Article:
Texas hiker Rebecca Clark learned about bison the hard way (and lived to tell about it) when she thought she could speak softly while walking behind the wild creatures, camera in hand. At first the trio, in Caprock Canyons State Park, seemed like they didn't mind (unless you notice their tails whipping back and forth), but then, surprise! Growling ensued before one finally charged her.
"Oh God!" she screamed, and from the camera's perspective, we see her land in a mesquite bush (video below).
"He rammed my back, gored me and threw me into a mesquite bush where I laid for 50 minutes until help arrived," she later explained on TikTok. But lucky for her, all she got was a "hole in my back and lots of stickers and thorns."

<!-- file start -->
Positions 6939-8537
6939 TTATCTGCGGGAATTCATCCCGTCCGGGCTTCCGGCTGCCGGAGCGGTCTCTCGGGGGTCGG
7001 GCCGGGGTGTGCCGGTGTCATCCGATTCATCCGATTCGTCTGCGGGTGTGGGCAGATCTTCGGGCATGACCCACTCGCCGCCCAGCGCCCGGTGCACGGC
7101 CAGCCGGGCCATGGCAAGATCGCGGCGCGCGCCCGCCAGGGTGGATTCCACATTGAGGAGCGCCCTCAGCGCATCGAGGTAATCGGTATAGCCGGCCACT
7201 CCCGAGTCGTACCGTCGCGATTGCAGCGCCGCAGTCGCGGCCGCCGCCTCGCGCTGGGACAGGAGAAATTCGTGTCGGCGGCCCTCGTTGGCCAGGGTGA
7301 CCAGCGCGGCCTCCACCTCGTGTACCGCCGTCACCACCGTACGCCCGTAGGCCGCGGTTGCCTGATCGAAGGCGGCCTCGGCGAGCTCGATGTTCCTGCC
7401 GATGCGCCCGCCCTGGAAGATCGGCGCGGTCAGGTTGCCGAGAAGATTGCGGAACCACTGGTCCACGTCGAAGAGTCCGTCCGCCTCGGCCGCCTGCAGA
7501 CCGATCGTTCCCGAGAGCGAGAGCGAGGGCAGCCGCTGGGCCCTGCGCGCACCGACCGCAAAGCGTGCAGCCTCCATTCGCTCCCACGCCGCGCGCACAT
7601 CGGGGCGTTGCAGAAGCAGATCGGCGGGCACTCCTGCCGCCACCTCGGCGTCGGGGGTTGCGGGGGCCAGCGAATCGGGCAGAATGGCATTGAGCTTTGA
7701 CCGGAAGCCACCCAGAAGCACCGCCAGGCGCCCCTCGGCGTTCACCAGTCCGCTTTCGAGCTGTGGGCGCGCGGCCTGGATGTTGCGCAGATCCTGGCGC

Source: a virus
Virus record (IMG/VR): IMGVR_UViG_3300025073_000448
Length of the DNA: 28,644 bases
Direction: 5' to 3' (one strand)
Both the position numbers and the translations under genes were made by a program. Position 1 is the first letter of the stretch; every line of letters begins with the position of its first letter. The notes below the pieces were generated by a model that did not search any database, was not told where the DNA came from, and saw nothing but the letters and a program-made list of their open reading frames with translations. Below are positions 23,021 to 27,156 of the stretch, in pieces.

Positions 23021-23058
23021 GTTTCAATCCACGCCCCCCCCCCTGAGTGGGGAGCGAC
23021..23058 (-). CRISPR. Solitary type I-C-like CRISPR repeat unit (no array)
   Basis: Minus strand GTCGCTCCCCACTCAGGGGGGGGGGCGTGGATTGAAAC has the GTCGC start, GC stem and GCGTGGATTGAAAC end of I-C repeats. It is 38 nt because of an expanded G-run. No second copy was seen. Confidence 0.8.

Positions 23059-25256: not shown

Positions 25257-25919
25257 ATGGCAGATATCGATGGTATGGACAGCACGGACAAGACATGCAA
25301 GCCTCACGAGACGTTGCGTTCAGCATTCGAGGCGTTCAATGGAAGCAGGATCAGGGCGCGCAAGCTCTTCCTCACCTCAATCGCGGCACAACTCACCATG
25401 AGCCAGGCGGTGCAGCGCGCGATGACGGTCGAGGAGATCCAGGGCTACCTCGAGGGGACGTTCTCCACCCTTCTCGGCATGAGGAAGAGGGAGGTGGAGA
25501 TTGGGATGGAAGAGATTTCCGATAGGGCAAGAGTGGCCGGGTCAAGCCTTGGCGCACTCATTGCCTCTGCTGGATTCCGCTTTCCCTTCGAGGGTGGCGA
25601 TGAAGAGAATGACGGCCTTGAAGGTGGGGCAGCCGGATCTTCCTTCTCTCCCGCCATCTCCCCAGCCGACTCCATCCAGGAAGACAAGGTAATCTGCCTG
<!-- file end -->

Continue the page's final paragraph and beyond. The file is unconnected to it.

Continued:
Phone service was weak, but Clark managed to contact friends and family, she said. Eventually, help arrived and she was flown to a hospital for treatment.
Some pointed out that Clark was too close and that the bison that rammed her, docile as it may have looked, was displaying its displeasure with its tail movements.
It may seem subtle, but the tail is one way that bison can tell people — and other animals — to go away or else, according to the Texas Parks and Wildlife Department.
"Agitated or anxious bison will raise their tails up in a question mark. Other signs of agitation or disapproval are pawing the ground and lowering its head," TPWD says. "In bison culture, a head-on gaze can communicate a threat or just simply rude behavior, especially to dominant males. If you see any of these behaviors, leave the area."
Bison prefer to keep people at a distance and experts recommend staying at least 50 yards away, if possible.
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